I believe the discussion of extinct technology is moot, since knowledge of that technology means that it is really not dead. For every type of object that we know of, there is still at least one person who knows how to make it, or is trying to.

    We may not know the exact recipe for Greek Fire, but we do have napalm and flame throwers, which I would argue is the same technology.

    Antique nuts and geeks make things like wax cylinder records, difference engines, and 8-track tapes. Archeologists even replicate Oldowan hand axes, the oldest technology we know of.

    So if we know of a technology from the past, I bet there is going to be someone out there crazy enough to replicate it. What I’m interested in is the technology we don’t know of.

  • Jonas

    I have that exact 8-track model as my kitchen radio. :)

  • Ben

    Damascus steel has been replicated and is offered by custom makers as is its descendant pattern welded steel.

    Does anyone know if the strigil is still being used to collect olive oil and sweat from athletes to make perfume base? Using human sweat and oil to make perfume would be a lost technology if not. Oddest tool I have ever heard of.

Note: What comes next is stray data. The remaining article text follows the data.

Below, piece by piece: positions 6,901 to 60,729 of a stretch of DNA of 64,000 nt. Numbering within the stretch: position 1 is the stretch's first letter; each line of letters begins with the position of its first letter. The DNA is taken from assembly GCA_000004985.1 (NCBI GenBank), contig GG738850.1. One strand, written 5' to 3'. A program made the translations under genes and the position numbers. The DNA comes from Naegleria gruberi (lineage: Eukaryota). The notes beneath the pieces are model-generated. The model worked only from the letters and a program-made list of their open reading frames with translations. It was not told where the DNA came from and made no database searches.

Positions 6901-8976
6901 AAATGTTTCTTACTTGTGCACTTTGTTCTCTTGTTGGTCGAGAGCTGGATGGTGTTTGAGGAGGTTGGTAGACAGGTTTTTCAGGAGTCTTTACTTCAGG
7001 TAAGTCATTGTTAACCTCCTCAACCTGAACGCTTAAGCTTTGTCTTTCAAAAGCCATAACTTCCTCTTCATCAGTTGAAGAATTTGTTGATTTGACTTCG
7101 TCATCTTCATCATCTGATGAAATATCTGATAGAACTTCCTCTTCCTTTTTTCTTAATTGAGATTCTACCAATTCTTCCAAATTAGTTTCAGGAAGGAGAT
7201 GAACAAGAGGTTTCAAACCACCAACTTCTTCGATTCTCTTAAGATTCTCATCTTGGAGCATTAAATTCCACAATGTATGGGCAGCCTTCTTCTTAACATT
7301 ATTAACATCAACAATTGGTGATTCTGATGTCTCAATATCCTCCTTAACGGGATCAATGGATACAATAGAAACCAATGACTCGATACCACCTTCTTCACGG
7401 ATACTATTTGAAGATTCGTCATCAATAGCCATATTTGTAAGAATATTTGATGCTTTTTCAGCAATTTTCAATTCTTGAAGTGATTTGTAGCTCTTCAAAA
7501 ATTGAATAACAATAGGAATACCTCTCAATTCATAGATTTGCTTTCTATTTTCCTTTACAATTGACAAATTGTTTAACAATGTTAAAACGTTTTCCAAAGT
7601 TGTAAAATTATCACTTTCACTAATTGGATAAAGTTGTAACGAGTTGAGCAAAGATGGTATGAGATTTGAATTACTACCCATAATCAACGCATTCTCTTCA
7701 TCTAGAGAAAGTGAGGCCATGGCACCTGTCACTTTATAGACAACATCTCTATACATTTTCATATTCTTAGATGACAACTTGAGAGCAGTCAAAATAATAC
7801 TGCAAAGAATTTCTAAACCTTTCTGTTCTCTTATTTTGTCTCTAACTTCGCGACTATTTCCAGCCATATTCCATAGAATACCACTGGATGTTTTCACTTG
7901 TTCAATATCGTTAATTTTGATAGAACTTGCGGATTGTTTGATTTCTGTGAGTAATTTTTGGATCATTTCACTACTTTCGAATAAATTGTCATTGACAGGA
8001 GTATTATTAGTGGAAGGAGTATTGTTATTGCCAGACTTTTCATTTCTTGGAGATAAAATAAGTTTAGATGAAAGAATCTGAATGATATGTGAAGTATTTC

• rizzo

    Cassette tapes and the Walkman were just recently discontinued, so, while not completely extinct yet, they will be in a short period of time.

  • Ken B

    A leather stretcher for forming shoes. My uncle had one hanging in his barn and it consisted of 2 handles, hinged, like salad forks with a ball on one end that went into the shoe and a loop for the outside that the ball goes into.
    Old time shoes didn’t fit very well and if you got a corn you had to stretch the shoe leather.

  • Brian Too

    Inca penis scarifiers.
    They were used by the monarchy in rituals that required the king’s blood.

  • http://www.facebook.com/people/Dan-Lighter/100003168322171 Dan Lighter

    Hi,
    Today’s medical products are very advance and also useful in saving life of patients. I don’t think it is useful anymore.
    Thanks

    medline products